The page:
The expansion of access to ART has the potential to greatly benefit the physical, social and economic well being of individuals and households, as well as produce unintended negative consequences with regard to increased risk behavior and social disruption which can compromise its effectiveness. Drawing on Social Cognitive Theory, the proposed 4-year study will examine (1) how depression influences multiple health outcomes of patients and their households including economic output, household constellation, children's school attendance, and sexual risk behaviors, both directly and as a moderator of impact of ART;and (2) the impact of antidepressant treatment in mitigating the negative consequences of depression on these health outcomes in the context of ART scale-up in Uganda. The study will consist of two phases. In Phase 1, semi- structured qualitative interviews with ART patients, clinic providers, administrators, and support service organizations will be used to explore (1) the impact of HIV and ART on patients'physical, mental, social, economic and sexual health;(2) how mental health and depression influence these ART outcomes;and (3) attitudes towards and acceptability of depression treatment and antidepressants. Findings will help develop and refine hypotheses and measures for use in Phase 2. In Phase 2, patients entering HIV care and starting ART will be followed for 12 months in a longitudinal prospective cohort study. Those diagnosed with depression will be offered antidepressant treatment. Data from our two other just-funded observational cohort studies of ART and non-ART patients in Uganda, which include a subgroup of patients who are depressed but not receiving depression treatment, will provide important additional comparative data for evaluating the effects of depression and antidepressant therapy. These findings could provide critical information for the development of interventions and public health policy aimed at maximizing the benefits of ART in limiting HIV transmission and the social and economic consequences of the epidemic in the developing world, including the prioritization of improved diagnosis and treatment of depression.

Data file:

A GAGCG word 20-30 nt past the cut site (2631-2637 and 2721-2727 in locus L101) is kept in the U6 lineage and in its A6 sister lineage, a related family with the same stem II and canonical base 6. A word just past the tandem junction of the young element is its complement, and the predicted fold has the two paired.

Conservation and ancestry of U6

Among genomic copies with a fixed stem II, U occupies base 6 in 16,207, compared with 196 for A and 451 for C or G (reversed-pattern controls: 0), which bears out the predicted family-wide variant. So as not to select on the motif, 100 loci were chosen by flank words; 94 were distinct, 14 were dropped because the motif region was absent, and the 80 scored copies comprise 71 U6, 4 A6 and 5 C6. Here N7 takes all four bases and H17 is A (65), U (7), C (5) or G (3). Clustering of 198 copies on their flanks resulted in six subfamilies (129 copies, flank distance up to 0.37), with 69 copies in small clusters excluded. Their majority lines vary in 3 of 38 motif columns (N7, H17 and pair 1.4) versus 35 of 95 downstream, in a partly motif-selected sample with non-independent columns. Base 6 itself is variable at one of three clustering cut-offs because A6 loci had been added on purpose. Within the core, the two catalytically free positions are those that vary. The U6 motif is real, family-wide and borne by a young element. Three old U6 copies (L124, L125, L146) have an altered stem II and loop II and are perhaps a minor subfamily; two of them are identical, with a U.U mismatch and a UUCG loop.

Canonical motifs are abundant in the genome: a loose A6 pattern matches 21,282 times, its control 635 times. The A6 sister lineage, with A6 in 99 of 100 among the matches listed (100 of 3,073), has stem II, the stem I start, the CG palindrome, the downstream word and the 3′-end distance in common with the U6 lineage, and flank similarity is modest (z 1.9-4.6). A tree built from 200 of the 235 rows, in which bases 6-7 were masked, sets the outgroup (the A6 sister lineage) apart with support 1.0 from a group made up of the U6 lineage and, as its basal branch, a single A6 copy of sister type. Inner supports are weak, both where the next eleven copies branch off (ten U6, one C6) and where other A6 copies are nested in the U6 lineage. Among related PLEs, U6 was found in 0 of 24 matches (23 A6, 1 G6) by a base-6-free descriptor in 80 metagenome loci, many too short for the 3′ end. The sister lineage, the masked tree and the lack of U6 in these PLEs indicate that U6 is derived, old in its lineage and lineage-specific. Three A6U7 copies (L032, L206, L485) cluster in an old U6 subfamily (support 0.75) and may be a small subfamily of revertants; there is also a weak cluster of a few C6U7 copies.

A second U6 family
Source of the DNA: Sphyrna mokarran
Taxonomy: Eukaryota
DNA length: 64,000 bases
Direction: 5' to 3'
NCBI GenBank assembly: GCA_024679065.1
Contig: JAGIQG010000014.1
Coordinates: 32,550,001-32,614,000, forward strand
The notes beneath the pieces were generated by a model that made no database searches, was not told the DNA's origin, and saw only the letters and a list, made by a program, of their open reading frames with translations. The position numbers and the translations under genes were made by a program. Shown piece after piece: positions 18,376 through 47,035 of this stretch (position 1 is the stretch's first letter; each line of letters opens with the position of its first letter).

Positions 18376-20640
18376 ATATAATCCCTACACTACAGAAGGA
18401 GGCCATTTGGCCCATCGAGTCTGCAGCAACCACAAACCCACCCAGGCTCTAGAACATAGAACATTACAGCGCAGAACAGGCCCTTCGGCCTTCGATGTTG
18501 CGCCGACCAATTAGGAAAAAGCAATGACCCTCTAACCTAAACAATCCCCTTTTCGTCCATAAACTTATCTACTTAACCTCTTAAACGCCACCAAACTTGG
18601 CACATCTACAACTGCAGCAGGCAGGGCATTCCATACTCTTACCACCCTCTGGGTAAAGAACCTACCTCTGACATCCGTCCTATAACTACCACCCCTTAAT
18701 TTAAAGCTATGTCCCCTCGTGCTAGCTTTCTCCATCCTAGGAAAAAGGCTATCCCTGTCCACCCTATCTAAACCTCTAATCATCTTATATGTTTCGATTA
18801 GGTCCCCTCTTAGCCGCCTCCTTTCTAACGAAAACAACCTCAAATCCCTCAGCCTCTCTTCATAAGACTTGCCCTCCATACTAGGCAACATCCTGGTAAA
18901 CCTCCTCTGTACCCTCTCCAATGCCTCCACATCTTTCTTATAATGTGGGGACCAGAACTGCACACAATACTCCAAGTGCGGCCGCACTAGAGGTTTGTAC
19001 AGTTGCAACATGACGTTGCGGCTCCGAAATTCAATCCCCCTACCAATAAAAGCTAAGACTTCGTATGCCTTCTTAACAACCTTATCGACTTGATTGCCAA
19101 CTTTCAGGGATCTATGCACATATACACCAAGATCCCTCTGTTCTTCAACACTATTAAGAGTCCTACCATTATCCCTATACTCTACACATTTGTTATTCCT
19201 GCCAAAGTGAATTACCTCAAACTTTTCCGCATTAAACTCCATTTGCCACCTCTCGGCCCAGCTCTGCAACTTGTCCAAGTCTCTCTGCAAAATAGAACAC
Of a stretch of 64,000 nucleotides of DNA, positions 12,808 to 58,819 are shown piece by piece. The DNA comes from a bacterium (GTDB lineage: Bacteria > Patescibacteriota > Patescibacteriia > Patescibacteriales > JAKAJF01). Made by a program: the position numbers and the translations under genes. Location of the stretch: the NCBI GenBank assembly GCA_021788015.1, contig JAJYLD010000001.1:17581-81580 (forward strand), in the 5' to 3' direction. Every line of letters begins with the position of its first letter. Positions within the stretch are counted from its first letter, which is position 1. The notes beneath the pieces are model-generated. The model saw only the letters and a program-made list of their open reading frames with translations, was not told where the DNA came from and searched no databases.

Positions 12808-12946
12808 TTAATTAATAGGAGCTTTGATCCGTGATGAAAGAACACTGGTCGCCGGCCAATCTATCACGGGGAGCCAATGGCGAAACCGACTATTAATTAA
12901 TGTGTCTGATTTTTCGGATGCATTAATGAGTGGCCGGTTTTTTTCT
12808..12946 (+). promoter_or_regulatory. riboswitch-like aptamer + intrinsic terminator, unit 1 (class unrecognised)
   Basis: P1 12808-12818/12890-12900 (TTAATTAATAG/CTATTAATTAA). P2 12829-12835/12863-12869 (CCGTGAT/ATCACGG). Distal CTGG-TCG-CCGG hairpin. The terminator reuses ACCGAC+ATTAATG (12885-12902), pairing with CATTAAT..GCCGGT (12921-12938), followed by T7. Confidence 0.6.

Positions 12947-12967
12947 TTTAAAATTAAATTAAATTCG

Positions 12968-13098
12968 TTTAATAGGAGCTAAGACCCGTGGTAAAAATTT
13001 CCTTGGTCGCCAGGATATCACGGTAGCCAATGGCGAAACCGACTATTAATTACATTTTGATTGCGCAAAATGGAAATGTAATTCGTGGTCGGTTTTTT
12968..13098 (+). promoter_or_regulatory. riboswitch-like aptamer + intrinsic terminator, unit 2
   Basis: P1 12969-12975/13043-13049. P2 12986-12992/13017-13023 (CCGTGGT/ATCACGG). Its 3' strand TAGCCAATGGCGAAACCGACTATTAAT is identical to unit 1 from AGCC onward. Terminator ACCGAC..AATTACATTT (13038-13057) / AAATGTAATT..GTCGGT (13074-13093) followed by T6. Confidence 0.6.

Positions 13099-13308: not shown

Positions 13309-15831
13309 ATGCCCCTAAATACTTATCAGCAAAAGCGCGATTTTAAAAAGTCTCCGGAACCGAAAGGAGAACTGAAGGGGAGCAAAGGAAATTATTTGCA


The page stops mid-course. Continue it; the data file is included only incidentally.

This study is important to public health as its findings could provide critical information for the development of interventions and public health policy aimed at maximizing the benefits of ART in limiting HIV transmission and the social and economic consequences of the epidemic in the developing world, including the prioritization of improved diagnosis and treatment of depression.
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|Ngo, Victoria K; Wagner, Glenn J; Nakasujja, Noeline et al. (2015) Effectiveness of antidepressants and predictors of treatment response for depressed HIV patients in Uganda. Int J STD AIDS 26:998-1006|
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|Ngo, Victoria K; Wagner, Glenn J; Huynh, Alexis et al. (2013) A qualitative analysis of the effects of depression and antidepressants on physical and work functioning among antiretroviral therapy clients in Uganda. J Int Assoc Provid AIDS Care 12:414-22|
|Wagner, Glenn J; Wanyenze, Rhoda (2013) Fertility Desires and Intentions and the Relationship to Consistent Condom Use and Provider Communication Regarding Childbearing Among HIV Clients in Uganda. ISRN Infect Dis 2013:|
|Wagner, Glenn J; Ghosh-Dastidar, Bonnie; Dickens, Akena et al. (2012) Depression and its Relationship to Work Status and Income Among HIV Clients in Uganda. World J AIDS 2:126-134|